2003 YMCA Mock Trial
This case creates a difficult gender issue, for which there is no easy solution. Mock trial cases are preferably written to be gender-neutral, so that males or females can assume the role of any character without affecting the integrity or realism of the case or the trial. But this case is a little different.
It would be extremely unusual for the incident portrayed in this case to have occurred in a co-ed soccer game. First, there are no co-ed leagues in existence anywhere in the world where aggressive, physical soccer is played. Second, the rules of co-ed soccer specifically prohibit most physical contact between players of opposite sex. That fact alone might weight this case too heavily in favor of the prosecution. That is, if the foul involved in this case were committed in a co-ed game, under co-ed rules, the foul would be so far outside the rules of the game that a criminal conviction would be more easily obtained. So, the game needs to be played by teams of the same gender (it does not matter which) or, at a bare minimum, the characters of Alex Chavez and Taylor Garrison need to be the same gender.
To bring this about in the mock trial courtroom, consideration was given to various complex arrangements. These involved expanded team rosters and last minute determinations as to which gender would be used in a given trial. Besides causing a certain amount of upheaval, this would have the undesirable effect of reducing the participation of some students.
Ultimately, it was decided that the simplest approach was best; that is, to simply ignore gender altogether. Each witness should testify as if the game were played by teams of the same gender and that the applicable rules are those provided with the case materials.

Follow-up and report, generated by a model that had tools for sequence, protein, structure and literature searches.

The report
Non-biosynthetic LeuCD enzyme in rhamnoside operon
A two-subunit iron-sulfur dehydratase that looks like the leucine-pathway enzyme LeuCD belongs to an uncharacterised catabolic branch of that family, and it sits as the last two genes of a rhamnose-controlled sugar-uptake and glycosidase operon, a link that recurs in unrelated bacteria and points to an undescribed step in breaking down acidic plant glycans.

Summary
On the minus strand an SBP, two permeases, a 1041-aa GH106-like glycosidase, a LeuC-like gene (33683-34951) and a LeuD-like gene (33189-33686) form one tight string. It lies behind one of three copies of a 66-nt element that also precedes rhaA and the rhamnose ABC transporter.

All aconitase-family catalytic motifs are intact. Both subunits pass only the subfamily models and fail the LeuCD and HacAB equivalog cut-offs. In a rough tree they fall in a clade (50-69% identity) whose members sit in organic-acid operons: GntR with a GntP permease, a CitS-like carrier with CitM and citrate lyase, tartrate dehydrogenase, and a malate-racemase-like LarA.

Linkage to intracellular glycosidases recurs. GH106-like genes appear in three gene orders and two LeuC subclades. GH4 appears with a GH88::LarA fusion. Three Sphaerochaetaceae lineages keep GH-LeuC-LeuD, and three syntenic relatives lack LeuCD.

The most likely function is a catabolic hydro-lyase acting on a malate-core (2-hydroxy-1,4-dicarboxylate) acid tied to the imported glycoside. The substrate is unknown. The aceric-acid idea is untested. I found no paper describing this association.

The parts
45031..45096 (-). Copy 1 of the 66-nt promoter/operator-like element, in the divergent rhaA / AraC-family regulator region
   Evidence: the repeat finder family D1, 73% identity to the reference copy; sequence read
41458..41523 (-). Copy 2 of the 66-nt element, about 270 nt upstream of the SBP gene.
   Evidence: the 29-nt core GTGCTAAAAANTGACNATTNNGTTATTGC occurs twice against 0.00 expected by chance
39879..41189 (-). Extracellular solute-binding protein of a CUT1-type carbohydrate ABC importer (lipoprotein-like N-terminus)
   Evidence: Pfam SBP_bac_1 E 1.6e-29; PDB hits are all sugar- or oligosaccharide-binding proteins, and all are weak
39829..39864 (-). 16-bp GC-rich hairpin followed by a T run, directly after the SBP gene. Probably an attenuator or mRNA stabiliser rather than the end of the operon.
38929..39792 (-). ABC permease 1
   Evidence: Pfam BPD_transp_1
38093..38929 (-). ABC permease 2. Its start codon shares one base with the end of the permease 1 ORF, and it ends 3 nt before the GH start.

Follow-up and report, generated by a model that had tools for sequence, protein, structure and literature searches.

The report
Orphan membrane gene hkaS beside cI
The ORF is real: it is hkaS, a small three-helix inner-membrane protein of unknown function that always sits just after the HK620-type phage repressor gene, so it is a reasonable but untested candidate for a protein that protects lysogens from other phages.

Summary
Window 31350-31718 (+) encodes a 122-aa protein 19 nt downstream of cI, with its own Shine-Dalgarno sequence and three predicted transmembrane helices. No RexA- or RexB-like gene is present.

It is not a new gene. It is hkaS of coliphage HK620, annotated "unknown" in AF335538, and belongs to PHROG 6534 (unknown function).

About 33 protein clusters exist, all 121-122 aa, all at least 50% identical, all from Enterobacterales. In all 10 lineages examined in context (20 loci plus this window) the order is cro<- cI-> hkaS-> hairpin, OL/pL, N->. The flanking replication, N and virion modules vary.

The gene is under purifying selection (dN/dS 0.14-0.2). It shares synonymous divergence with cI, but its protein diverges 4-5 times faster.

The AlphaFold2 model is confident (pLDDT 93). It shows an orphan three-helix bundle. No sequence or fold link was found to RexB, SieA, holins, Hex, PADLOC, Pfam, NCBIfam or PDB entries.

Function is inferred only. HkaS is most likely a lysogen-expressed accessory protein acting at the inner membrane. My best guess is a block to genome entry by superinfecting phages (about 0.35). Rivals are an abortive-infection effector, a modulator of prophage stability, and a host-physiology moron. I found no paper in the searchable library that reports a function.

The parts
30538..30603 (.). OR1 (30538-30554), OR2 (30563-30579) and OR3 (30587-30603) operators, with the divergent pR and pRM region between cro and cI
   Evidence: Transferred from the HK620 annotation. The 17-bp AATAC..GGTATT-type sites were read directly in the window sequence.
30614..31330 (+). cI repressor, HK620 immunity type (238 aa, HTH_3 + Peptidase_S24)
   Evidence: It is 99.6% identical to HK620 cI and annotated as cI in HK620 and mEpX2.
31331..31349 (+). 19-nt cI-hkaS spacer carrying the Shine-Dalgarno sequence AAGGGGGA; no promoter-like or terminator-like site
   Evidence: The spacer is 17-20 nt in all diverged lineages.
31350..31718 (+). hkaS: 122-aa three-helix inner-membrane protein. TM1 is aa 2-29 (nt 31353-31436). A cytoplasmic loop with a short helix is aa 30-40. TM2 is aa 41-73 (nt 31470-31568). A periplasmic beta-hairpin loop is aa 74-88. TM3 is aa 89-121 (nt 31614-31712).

One more word about gender is in order. In drafting the Declarations we tried to catch all of the he, she, him, her pronouns and change them to "s/he" and "him/her" and "himself/herself." If we missed any that refer specifically to a witness, we apologize. You should assume that it was overlooked and you should make the necessary correction. However, the reference may not be a mistake when we refer to a non-character, e.g. Quinn Carpenter's father, Sgt. Jerry Carpenter. As stated, all witnesses may be portrayed as males or females.
About the Pretrial Declaration of Quinn Carpenter
We wish to make it clear that the declaration of Quinn Carpenter was introduced only for purposes of creating the pre-trial motion. Quinn is not a character in this case, and his/her declaration may not be used for any purpose during the actual trial. If the court denies the motion to suppress, thereby making the journal entries available for admission into evidence, Taylor Garrison's declaration contains some addition material that can be used by his/her defense team to ameliorate the effect of the damage to him/her, if any, that is created by admitting the journal entries.
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